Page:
It was bound to happen sooner or later, I suppose.
By "it," I mean signing up for Facebook. I'd held out for quite some time, my resolve bolstered by an informal straw poll I conducted this past January, in which my friends (not the Facebook variety) and interlocutors on D&R told me that I wasn't missing much by avoiding the popular social networking site.
LIARS!!!!!!!!!! Apparently just about everyone I know, or have ever known, was already on Facebook, which makes me about the last person on earth to join. I suppose it's worth narrating how I ended up there.
To put it as straightforwardly as possible, Twitter is the gateway drug for Facebook. Over the last year or so I'd incorporated various RSS news feeds onto my academic website, Bookworm, since I thought it might be nice to have some elements that updated constantly. I was never really satisfied with them, though, and so about a month or two ago, I made the fateful decision to join Twitter and place a badge on the site. I figured it might be a nice way to add real-time information about my research projects, conference presentations, publications, and so forth. And then something unexpected happened. People started following my Twitter feed, and eventually, I, theirs. It was riveting. One of my followers even proposed a picnic "Tweetup" to all his followers. Suddenly, I realized that virtual connections might indeed translate into "real world" ones.
I also blame Malcolm Gladwell, author of The Tipping Point. I just started reading it in earnest the other night and became enthralled with his portrait of "connectors." These are people who know people--lots of people. Connectors are able to move in and across many different social circles, because they tend to maintain what Gladwell calls "weak ties." For them, connection is far more important than depth in a relationship, which allows them to stay in touch with a sprawling array of people. That sounded pretty Facebook to me.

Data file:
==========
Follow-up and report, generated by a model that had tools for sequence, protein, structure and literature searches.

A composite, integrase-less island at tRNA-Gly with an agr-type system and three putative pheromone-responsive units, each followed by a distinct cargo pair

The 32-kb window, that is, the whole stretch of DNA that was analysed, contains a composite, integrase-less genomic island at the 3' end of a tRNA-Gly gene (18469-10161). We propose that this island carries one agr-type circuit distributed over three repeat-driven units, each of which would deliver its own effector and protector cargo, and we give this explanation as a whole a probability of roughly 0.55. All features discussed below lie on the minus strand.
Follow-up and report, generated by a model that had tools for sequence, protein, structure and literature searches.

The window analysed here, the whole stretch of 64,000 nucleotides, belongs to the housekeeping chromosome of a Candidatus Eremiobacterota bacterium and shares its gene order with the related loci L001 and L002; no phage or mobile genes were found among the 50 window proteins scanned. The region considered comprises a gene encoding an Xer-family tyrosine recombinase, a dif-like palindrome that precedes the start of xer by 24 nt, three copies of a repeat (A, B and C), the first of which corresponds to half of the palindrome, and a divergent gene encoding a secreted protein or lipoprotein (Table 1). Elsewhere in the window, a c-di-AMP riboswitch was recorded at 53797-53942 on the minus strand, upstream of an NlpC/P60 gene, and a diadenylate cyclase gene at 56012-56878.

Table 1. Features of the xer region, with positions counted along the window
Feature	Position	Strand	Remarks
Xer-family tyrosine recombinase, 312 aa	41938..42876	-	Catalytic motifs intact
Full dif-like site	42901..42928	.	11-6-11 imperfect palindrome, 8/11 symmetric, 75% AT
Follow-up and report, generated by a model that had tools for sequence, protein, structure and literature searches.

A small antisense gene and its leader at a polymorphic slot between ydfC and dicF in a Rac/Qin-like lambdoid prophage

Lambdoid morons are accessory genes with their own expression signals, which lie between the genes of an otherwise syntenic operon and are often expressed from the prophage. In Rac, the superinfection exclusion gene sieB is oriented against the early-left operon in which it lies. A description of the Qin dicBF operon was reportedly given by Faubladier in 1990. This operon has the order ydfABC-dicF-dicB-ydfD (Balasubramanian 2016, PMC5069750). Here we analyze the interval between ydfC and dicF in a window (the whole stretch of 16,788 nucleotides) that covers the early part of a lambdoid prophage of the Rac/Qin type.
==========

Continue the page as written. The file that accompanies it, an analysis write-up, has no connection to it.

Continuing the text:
So after much gnashing of teeth, I bit the bullet last night and signed up for Facebook. At 7:30 p.m., I registered. At 9:30 p.m., I had 17 friends. This morning, I have 28 and counting. I'm still not sure what to make of it all, honestly, but I'm intrigued to see how things develop. It's been nice reconnecting with old friends, though I fear for Facebook becoming a major time-suck. This was confirmed not only by the two hours I spent online last night, but also by some of the comments my friends had left on my Facebook wall. They said things to the effect of, "welcome to the black hole" and "sucker!"
I'll admit, I'm pretty awkward on Facebook right now. I can barely tell my profile page from my home page, and I have no idea what a zombie war is or why you'd want to fight one. I'm anxiously anticipating my colleague Ilana Gershon's book, therefore, which will provide a road map (among other things) to interpersonal dynamics on Facebook. For now, though, I'm really just fumbling through. Please bear with me.